Detecting the hierarchical structure of the cell nucleus

  • Thu 26 Nov 20

    14:00 - 15:00

  • Online

    Zoom ID: 8808141103

  • Event speaker

    Ioana Olan

  • Event type

    Lectures, talks and seminars

  • Event organiser

    Mathematical Sciences, Department of

  • Contact details

    Osama Mahmoud

These Departmental Seminars are for everyone in Maths. We encourage anyone interested in the subject in general, or in the particular subject of the seminar, to come along. It's a great opportunity to meet people in the Maths Department and join in with our community.

Detecting the hierarchical structure of the cell nucleus

Chromatin consists of DNA wrapped around histones and forms complex three-dimensional structures within the cell nucleus with various degrees of compaction.

Genes have been shown to be repressed by their proximity to the nuclear periphery or activated by being in contact with special regulatory regions called enhancers. Thus the relative positioning of genes and their interactions with other regions are very important in determining whether they are expressed or not. Interactions between pairs of genomic regions have been studied using assays such as Hi-C, which generate large matrices estimating interaction frequencies.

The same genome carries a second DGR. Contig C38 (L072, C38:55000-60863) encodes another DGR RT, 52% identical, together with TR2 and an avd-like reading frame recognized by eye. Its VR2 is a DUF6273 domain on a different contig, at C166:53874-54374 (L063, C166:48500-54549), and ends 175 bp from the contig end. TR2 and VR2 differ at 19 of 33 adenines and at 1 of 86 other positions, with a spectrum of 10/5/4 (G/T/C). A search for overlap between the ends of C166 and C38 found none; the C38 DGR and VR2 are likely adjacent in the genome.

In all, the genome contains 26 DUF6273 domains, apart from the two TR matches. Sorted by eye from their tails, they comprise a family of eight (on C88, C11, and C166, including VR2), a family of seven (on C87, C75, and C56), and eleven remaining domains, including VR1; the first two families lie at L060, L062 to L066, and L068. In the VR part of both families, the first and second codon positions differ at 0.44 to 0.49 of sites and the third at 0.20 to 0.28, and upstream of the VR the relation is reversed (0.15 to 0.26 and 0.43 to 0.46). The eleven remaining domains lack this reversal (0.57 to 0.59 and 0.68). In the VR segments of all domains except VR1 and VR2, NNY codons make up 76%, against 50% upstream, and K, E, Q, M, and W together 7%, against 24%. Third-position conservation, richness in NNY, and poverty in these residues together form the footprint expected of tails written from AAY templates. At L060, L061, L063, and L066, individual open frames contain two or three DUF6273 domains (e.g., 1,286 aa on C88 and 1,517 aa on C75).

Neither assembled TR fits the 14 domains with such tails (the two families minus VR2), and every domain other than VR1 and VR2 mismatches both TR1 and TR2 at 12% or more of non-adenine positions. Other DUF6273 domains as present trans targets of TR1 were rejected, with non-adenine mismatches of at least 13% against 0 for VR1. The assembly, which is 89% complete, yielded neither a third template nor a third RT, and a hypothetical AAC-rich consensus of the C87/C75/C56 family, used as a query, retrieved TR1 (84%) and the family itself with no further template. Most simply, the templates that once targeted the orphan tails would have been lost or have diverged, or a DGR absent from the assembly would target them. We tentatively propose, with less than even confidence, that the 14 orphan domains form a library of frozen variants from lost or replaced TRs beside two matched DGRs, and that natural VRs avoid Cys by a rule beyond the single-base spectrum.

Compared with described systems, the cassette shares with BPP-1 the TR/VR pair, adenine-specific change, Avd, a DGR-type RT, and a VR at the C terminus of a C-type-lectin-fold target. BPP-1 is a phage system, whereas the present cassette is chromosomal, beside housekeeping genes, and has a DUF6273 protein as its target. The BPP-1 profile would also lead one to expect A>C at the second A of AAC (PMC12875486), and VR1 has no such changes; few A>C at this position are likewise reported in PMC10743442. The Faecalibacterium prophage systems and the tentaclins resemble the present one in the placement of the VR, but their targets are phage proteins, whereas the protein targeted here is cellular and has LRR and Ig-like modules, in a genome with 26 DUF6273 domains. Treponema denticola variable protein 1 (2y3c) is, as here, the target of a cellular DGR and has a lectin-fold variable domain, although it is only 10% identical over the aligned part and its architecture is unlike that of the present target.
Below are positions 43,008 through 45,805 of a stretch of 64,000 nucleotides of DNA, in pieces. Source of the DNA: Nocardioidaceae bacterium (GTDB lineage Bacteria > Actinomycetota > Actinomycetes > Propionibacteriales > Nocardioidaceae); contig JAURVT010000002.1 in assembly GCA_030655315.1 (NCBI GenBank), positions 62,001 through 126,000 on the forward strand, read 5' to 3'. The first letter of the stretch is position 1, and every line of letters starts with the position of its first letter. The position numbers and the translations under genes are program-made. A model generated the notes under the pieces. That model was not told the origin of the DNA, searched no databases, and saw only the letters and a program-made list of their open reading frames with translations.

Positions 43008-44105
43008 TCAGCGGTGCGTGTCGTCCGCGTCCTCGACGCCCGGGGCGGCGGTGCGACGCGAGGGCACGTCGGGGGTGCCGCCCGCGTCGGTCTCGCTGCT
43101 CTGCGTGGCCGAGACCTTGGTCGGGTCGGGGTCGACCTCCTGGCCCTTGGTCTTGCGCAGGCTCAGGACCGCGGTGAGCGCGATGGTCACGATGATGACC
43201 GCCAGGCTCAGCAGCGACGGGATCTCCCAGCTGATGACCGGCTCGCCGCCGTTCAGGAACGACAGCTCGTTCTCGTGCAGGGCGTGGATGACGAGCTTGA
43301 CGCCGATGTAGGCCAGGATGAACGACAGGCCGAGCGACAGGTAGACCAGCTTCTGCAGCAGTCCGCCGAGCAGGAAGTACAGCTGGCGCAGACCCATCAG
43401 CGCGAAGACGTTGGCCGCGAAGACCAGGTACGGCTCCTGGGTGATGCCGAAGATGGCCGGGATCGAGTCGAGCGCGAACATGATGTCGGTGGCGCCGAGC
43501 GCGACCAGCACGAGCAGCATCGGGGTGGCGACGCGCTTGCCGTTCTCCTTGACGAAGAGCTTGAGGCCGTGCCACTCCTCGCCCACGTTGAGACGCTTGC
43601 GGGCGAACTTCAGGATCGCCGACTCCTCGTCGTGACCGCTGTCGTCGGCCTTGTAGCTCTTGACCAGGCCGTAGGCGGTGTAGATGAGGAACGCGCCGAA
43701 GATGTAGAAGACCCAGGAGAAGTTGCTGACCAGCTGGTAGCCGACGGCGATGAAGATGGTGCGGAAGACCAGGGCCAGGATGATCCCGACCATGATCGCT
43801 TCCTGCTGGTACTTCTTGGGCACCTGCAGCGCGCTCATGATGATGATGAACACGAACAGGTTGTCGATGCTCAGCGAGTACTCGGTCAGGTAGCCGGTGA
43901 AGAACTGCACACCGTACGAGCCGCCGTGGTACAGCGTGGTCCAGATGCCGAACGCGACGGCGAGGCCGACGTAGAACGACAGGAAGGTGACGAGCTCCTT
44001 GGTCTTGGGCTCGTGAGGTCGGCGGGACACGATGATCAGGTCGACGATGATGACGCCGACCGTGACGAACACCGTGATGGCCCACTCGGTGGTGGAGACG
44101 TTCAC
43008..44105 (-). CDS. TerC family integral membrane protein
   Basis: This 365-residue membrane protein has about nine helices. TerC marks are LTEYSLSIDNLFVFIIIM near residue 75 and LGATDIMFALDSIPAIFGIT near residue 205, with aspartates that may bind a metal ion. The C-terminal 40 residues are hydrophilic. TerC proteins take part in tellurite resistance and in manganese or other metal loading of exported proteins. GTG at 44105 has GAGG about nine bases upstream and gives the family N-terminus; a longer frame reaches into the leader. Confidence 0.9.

We use such interaction estimates as weights in a network whose nodes are equally sized genomic regions and perform nested community detection in order to resolve the relative positioning of genomic regions of interest and model the interior of the cell nucleus.

Our biological model is cellular senescence, a phenotype associated with dramatic changes in its chromatin interactions network relative to normal cells. Senescence corresponds to permanent cell cycle arrest and has been shown to act as a protective barrier against tumourigenesis.


Ioana Olan, University of Cambridge

How to attend

If not a member of the Dept. Mathematical Science at the University of Essex, you can register your interest in attending the seminar and request the Zoom’s meeting password by emailing Dr Osama Mahmoud.

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